More Huskies will be roaming the research labs of Pacific Northwest National Laboratory with the Wednesday announcement of a joint research institute in materials science.
The collaboration will bring together the strengths of the University of Washington and the Department of Energy national lab in Richland to advance development of materials for energy, telecommunications, medicine and other fields.
Many innovations of 21st century life — from touchscreens and electric cars to fiber optics and implantable devices — grew out of research on new materials.
“And yet we have only scratched the surface,” said Steven Ashby, PNNL director.
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The joint institute is being called NW Impact, short for Northwest Institute for Materials Physics, Chemistry and Technology.
PNNL has some of the world’s most advanced scientific instruments on its campus, including electron microscopes and atom probes, said Ana Mari Cauce, UW president, speaking in Richland.
The campus includes DOE’s Environmental Molecular Sciences Laboratory, which UW visitors toured on Wednesday.
UW has some of the top-ranked scientists for materials research impact in the world, said Ashby.
“By combining ideas, talent and resources, I have no doubt our two organizations will find new ways to improve lives and provide our generation of materials scientists with valuable research opportunities,” Ashby said.
A call for project proposals went out Wednesday to staff at PNNL and UW, for research that could involve multiple researchers and graduate students at the two institutions.
“Our philosophy is the way we are going to drive this partnership forward is with graduate students carrying out research that is collaborative between PNNL staff and University of Washington faculty,” said Jim De Yoreo, a PNNL chief scientist and co-director of NW Impact. Graduate students would do research in both Richland and Seattle.
Scientific areas will be targeted with opportunities in the next two to three years to build outside funded programs, he said.
The research will “move beyond traditional techniques to design and create entirely new materials with tailored properties and functions to do entirely new things for us,” Ashby said.
Initial research could focus on:
▪ Materials for energy conversion and storage, which can be applied to more efficient solar cells, batteries and industrial applications. They could lead to ultrathin solar cells for buildings or fabrics, and long-lasting batteries for implantable medical devices.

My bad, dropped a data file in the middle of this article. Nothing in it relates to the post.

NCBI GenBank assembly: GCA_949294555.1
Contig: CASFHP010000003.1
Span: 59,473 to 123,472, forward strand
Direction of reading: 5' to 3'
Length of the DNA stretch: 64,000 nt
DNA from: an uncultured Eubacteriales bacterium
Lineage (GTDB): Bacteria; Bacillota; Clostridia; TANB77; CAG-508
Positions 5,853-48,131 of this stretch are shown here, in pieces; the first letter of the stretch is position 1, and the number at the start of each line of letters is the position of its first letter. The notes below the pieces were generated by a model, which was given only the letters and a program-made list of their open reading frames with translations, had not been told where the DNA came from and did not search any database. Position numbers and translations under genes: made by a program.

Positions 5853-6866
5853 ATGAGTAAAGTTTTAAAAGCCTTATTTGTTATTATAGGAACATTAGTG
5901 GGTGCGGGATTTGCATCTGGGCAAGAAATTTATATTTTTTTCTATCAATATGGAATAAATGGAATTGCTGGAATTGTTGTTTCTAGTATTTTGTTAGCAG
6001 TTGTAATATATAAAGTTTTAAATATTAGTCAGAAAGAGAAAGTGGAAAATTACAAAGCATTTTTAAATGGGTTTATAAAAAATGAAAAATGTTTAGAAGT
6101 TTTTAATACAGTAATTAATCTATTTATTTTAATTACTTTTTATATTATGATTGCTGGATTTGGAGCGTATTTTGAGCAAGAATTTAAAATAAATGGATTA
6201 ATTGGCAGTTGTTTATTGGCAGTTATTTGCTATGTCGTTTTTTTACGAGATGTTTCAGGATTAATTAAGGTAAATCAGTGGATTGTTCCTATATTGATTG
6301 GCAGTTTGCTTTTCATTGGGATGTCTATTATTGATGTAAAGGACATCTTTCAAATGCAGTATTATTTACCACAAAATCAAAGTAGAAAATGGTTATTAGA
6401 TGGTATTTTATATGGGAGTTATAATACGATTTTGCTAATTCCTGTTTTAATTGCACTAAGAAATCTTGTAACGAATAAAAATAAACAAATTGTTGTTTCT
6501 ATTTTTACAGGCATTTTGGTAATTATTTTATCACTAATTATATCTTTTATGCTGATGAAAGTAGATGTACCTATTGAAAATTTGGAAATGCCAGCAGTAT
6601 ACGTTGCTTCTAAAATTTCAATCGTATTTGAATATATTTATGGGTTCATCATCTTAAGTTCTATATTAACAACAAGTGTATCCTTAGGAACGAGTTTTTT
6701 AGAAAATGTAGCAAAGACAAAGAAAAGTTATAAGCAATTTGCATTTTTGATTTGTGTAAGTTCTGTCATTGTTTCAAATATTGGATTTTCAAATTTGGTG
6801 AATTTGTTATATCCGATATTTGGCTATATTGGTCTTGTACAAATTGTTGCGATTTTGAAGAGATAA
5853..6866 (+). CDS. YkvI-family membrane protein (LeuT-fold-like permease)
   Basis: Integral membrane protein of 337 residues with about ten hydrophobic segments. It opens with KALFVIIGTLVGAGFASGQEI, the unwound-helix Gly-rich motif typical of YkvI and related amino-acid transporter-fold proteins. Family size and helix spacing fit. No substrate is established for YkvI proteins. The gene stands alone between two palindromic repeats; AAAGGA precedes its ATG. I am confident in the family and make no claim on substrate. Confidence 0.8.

▪ Materials for water separation and use, which could included processes to make water purification and ocean desalination methods faster, cheaper and more energy efficient.
▪ Biomimetic materials, or synthetic materials that mimic the structure and design of biological molecules and materials within cells. The new materials could have medical applications for implantable devices and tissue engineering or applications.
PNNL and UW already have six joint appointments of staff — three from each agency — related to materials science, but plan to expand that to 10 from each institution, said De Yoreo, who has one of the joint appointments.
NW Impact also will hire a permanent institute director, who will split time between UW and PNNL.
At least 20 new UW graduate students will work on NW Impact institutions, providing a pipeline of new researchers for PNNL.
Collaboration is nothing new for PNNL and UW, Ashby said.
But NW Impact is planned as the beginning of a long-term partnership, forging deeper ties between UW and PNNL.
Past collaborations have included the Materials Synthesis and Simulations Across Scales Initiative, the PNNL-led battery 500 consortium and a new UW-based Materials Research Science and Engineering Center.
“We are joining together our expertise and experiences to create the next generation of leaders, who will create the materials of the future,” said David Ginger, a UW professor of chemistry.
Together the two institutions will have more impact and demonstrate the leadership of the state of Washington, Ashby said.